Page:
Unlike Cold Steel II’s Reverie Corridor, however, the one in Hajimari no Kiseki brings back features from Trails in the Sky the 3rd, allowing players can unlock side stories and minigames accessible from the hub, and new playable characters. This is done through random stones and shards which are obtained from defeating bosses and mid-bosses in the corridor’s dungeon, which are used back at the hub.
Stones come in multiple varieties: Gold ones unlock characters, blue ones unlock side stories, red ones unlock minigames, and silver ones give the player items such as quartzes, accessories, sepis shards, and consumable items. Players accustomed with Japanese mobile games should find this description familiar: It is essentially a gacha system, albeit one that only uses in-game currency, like Xenoblade 2 did; while Hajimari does have the usual assortment of DLC for things like consumable items and crafting, the gacha currency is noticeably not included in this lineup.
Upgrades to functionality in the hub and general upgrades such as increasing BP or assault gauge caps or the party size are done with a different in-game currency that is mostly obtained by clearing “missions”, which range from more simplistic things such as using specific skills a certain number of times, clearing a battle using a party wearing a specific cosmetic accessory, to long-term goals such as opening all the treasure chests in the game. This too should seem familiar to players of mobile games, being extremely similarl to the mission systems of those games.
The playable characters unlocked in the corridor are mostly ones that only join temporarily, if at all in the main story, and are only playable in the corridor itself. They can however be added as support characters in the main story, giving the player access to their Brave Orders in battle and also letting them participate in the Valiant Rage commands elaborated on further into this review.
The corridor’s dungeon also adds some variety to exploration but throwing in elements such as surprise enemy ambushes, treasure chests that can only be unlocked by winning a battle with random characters not in the player’s party, and areas where the party starts each battle with a specific status effect.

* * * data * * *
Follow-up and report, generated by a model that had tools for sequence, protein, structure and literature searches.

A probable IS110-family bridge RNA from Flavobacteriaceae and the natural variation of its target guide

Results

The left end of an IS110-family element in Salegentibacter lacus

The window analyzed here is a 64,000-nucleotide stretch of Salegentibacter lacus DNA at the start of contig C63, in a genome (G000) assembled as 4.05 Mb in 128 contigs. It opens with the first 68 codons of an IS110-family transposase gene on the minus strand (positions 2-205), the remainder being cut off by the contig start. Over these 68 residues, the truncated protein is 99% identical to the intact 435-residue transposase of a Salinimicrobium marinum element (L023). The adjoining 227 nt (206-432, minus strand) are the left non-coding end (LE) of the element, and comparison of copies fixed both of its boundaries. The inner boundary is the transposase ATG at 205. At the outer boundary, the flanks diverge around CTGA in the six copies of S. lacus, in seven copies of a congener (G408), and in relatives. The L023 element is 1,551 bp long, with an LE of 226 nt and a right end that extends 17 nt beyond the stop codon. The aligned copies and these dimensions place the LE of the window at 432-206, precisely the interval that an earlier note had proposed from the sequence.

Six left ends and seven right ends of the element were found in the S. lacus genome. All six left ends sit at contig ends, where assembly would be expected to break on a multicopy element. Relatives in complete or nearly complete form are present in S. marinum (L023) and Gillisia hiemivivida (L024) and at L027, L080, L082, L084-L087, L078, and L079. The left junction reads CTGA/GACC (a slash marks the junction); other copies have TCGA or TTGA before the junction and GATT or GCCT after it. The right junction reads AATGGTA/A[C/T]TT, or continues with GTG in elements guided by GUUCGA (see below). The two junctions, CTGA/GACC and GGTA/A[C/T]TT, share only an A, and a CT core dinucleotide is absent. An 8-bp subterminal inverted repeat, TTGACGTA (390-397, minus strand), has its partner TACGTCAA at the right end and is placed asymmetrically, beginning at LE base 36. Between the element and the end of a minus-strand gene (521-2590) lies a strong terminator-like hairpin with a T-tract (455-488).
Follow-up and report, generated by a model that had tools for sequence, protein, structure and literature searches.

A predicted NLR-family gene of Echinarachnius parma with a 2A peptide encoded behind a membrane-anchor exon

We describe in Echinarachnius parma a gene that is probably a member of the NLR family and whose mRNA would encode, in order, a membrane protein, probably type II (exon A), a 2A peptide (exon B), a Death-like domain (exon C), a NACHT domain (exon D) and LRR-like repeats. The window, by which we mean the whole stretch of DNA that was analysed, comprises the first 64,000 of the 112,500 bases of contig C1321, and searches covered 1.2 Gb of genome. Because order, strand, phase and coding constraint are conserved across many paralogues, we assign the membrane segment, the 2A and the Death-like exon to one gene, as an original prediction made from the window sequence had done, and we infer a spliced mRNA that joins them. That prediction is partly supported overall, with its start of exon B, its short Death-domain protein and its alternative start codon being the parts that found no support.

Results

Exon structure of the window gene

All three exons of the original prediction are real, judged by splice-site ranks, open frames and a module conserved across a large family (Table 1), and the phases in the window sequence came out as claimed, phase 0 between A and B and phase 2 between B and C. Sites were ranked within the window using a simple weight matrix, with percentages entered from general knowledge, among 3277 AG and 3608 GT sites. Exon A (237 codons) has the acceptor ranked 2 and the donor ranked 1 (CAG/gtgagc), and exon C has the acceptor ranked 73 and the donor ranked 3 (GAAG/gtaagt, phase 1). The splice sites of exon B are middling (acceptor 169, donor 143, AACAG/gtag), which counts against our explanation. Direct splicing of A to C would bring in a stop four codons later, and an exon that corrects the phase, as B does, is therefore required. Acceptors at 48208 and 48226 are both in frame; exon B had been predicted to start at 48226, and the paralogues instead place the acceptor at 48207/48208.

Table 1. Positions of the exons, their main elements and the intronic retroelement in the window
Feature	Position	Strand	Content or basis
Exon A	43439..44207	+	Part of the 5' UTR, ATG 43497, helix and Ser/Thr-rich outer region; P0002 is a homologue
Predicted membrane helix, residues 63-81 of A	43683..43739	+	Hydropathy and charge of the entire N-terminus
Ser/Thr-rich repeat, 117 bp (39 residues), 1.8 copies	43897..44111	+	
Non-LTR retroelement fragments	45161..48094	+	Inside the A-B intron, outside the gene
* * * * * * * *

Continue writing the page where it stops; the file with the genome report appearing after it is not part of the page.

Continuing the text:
Hajimari’s battles remains mostly unchanged from Cold Steel IV’s, with the biggest modification being the addition of the Valiant Rage system: In addition to being used for special attacks to engage enemies with an advanage on the field, the assault gauge can now be used in battle for one of the three Valiant Rage commands:
- Valiant Attack: Raises STR, restores CP, adds 2 BP, removes seal and debuffs, and deals physical damage
- Valiant Arts: Raises ATS, restores EP, adds 2 BP, removes mute and debuffs, and deals magic damage
- Valiant Heal: Heals the party, adds 2 BP, and removes all status ailments
Valiant Rage commands can only be used when there are five or more members in the party, and increase with power when there are more members (the maximum being 10, with four main party, four reserve, and two support members). Being able to gain BP from these is an especially welcome addition, as it gives the player more leeway to spend BP in battle.
By the late game, the player is given ample access to quartzes and accessories to give all of their characters their ideal setup, and in the postgame more of pretty much everything can be obtained. Players who enjoy tinkering with orbment setups should find this extremely enjoyable.
Going back to the story, the writing in Hajimari, while following a different format than usual with the multiple protagonists, begins as thoroughfare for the series, with the main difference being a bit more focus than usual on nostalgia, with most of the locales featured being from Zero and Ao, or Cold Steel 1 and 2. Crossbell is featured the most, with the majority of the game taking place there, and most of the characters from Zero and Ao return, including NPCs.
The plot does however take a big turn in the latter half of the game, introducing new elements and twists which some might feel to be out of place. Regardless, the story is mostly enjoyable, and the new characters introduced are all fantastic additions to the cast.